Peafowl

What is a peafowl? Isn't that a peacock?
Great questions! A male is called a peacock, whereas a female is called a peahen. Collectively then, they are called peafowl. Can you guess what a baby one is called? You guessed it! A peachick!

Peafowl are members of the Phasianide family, basically just a big pretty pheasant. There are two species, but the most common are the ones found from the Asiatic decent. Originating in India and Pakistan, they were brought to Europe and then to the Americas. They can adapt to hot or cold climates fairly easily. Since being bred in captivity, the now come in a wide range of colors; A peafowl farm in Missouri has 150 varieties.

Here on our homestead, we have actually down-sized from the amount of peafowl we have had in the past, focusing on the Pied and Silver Pied.

Everyone has seen the common India Blue Peacocks; an India Blue pied or Pied, is a blue with 30%-40% white on it. A Silver Pied is basically a white bird with with only 10%-20% blue on it.

After years of breeding the India Blue Pied, we have added two white peahens for the 2017 breeding season hoping for Silver Pieds. Although Peafowl do not do statistics or use a punnett square; when breeding two pieds together, they have the possible outcomes of having 50% of their offspring also being pied, 25% expressing the India Blue color and 25% expressing the pure white color.

They are seasonal layers, laying in the spring, early summer months. The peacocks will display their train trying persuade the peahens to mate with him. This train is shed annually and regrown to begin the following breeding season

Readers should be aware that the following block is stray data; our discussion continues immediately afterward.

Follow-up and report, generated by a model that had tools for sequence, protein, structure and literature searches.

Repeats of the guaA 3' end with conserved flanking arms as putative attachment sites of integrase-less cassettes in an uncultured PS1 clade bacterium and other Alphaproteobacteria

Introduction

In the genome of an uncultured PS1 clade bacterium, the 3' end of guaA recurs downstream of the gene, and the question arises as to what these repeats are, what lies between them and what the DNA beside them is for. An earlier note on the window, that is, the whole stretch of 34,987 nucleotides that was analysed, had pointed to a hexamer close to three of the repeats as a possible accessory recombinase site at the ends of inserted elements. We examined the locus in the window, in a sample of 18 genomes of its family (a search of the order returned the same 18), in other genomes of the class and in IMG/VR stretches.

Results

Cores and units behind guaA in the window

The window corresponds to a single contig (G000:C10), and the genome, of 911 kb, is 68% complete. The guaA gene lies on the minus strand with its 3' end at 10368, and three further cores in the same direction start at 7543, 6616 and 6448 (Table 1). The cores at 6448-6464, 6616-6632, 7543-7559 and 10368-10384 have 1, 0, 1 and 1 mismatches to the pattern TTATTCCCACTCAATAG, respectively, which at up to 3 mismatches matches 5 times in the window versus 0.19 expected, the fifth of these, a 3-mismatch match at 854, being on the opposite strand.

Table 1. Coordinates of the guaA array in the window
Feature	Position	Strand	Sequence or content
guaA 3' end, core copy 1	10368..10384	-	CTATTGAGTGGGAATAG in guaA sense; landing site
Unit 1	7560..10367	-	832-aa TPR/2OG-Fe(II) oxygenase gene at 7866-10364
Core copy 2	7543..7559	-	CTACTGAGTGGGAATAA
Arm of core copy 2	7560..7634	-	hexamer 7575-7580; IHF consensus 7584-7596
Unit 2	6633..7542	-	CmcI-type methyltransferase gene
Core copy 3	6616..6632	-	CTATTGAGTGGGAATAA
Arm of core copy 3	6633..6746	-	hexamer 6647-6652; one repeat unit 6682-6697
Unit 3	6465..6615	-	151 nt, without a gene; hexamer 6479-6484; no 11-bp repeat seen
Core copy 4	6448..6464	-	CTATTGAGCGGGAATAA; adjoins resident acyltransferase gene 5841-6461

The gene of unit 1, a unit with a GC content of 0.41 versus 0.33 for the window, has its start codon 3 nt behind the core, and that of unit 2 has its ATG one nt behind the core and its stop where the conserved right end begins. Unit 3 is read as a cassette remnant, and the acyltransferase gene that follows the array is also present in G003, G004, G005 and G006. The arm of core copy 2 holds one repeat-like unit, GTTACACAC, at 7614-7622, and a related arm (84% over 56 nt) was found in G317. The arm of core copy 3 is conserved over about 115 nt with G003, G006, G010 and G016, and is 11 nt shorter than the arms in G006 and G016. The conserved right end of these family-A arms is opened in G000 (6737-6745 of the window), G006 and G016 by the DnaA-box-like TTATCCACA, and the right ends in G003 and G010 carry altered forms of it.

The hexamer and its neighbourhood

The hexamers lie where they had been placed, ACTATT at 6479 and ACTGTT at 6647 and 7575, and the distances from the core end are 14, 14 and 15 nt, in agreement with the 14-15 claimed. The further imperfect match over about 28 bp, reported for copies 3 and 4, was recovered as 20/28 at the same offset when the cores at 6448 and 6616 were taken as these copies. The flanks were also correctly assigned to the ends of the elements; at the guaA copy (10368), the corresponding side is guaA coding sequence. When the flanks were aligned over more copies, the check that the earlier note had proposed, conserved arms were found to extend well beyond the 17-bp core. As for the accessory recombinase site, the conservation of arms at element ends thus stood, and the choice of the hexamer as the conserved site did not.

Somethings to note that is often over looked when purchasing peafowl for the first time. rule of thumb is minimum 100 sq ft per adult bird if contained in a fly pen. They are considered a game bird, so require a high protein diet of at least 24% protein feed. They take two years to reach sexual maturity; a yearling hen might lay an egg, but rarely is it ever going to be fertile. A male will start to grow his train feathers at a year but will be very small and not touch the ground, by two years they start to develop and can fan them. It won't be until they are three years old before a well developed train will emerge. They can free range and are very excellent fliers. To train them where "home" is, they need to be contained in a large run for several months before releasing. During the breeding season, adult males will fight and to the death if housed together. I have found a single male with 3-4 females gives the optimum fertility rate of eggs laid.


Only a week old or so, a hatch from a Pied pen is like a box of chocolates, you never know what you are going to get (color-wise) until it hatches. We have the whole gambit in here, with Pieds, Whites, and India Blues.

We use a Brinsea 190 to incubate our eggs for 28 days. We date them with a pencil and code for the breeding pen they came from. We do staggered hatches so dates are important.
The method that we found gave us the best results, is lay the egg on the side, with "pointy end" slightly lower than the large end. The digital controls are set for 99.8 degrees F with a humidity set at 57%.

We have had "Taj", our India blue Pied Peacock, since 2010 ad he was estimated to be 6 years old at that time. They have a long life expectancy of 20 plus years and sometimes up to 30 years if the conditions are right.

Two chicks just hatched! It is amazing to how formed they are compared to other species of poultry. They can fly from a brooder in just a couple of days if startled, so a top is key. At this age, the peachick can imprint on a person and become rather tame.

Peanhens are excellent broodies and mothers. When left to nest in with the other peafowl she is protective, but all adult members of the flock will aid in caring for the peachicks.